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Trans-Splicing

"Trans-Splicing" is a descriptor in the National Library of Medicine's controlled vocabulary thesaurus, MeSH (Medical Subject Headings). Descriptors are arranged in a hierarchical structure, which enables searching at various levels of specificity.

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The joining of RNA from two different genes. One type of trans-splicing is the "spliced leader" type (primarily found in protozoans such as trypanosomes and in lower invertebrates such as nematodes) which results in the addition of a capped, noncoding, spliced leader sequence to the 5' end of mRNAs. Another type of trans-splicing is the "discontinuous group II introns" type (found in plant/algal chloroplasts and plant mitochondria) which results in the joining of two independently transcribed coding sequences. Both are mechanistically similar to conventional nuclear pre-mRNA cis-splicing. Mammalian cells are also capable of trans-splicing.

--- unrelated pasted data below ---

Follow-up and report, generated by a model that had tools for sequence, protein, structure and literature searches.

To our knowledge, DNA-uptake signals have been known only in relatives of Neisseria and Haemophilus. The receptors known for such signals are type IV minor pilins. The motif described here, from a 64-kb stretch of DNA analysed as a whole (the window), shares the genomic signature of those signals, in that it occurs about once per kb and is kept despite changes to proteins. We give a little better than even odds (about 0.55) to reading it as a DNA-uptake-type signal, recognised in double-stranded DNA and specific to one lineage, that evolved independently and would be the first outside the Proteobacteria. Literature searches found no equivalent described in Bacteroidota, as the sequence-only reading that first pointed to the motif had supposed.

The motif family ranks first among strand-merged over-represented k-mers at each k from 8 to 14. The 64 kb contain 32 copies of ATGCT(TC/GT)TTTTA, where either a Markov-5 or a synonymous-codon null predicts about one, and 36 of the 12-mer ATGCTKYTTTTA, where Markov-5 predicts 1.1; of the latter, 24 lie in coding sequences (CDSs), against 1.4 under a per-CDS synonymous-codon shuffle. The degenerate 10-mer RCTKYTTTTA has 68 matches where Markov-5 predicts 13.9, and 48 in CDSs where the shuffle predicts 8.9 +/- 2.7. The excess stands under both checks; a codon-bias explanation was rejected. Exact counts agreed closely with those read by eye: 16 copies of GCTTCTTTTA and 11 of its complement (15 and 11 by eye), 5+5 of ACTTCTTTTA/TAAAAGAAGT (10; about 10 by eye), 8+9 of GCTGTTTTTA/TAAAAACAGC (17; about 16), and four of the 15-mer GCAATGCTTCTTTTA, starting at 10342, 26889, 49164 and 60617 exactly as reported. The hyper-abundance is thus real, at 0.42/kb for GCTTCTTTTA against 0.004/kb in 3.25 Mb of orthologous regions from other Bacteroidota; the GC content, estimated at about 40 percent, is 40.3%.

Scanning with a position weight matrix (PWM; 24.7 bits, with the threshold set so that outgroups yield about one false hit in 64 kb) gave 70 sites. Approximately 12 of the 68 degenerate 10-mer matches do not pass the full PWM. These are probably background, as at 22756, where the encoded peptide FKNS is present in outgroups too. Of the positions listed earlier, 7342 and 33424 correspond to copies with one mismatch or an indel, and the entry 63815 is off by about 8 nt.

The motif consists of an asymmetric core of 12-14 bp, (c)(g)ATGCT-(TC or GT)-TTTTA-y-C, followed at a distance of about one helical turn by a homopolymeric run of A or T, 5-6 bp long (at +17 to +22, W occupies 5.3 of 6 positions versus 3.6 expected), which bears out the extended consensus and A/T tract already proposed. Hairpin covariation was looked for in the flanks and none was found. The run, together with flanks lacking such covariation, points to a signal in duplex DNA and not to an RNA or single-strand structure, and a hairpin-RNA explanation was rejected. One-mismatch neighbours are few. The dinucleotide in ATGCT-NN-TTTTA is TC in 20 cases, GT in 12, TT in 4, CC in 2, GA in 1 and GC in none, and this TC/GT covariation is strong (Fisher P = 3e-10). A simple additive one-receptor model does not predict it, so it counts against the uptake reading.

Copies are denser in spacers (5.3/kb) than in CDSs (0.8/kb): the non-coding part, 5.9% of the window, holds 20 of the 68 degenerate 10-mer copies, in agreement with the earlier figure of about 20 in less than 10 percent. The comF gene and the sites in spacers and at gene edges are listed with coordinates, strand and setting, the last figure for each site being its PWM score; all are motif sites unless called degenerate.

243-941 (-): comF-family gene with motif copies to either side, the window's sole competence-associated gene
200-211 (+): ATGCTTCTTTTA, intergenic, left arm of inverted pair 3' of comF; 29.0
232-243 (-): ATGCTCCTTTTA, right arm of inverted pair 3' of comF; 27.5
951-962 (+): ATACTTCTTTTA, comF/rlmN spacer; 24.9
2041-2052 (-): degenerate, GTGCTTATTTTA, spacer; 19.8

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This graph shows the total number of publications written about "Trans-Splicing" by people in this website by year, and whether "Trans-Splicing" was a major or minor topic of these publications.
Bar chart showing 14 publications over 9 distinct years, with a maximum of 4 publications in 2010
To see the data from this visualization as text, click here.

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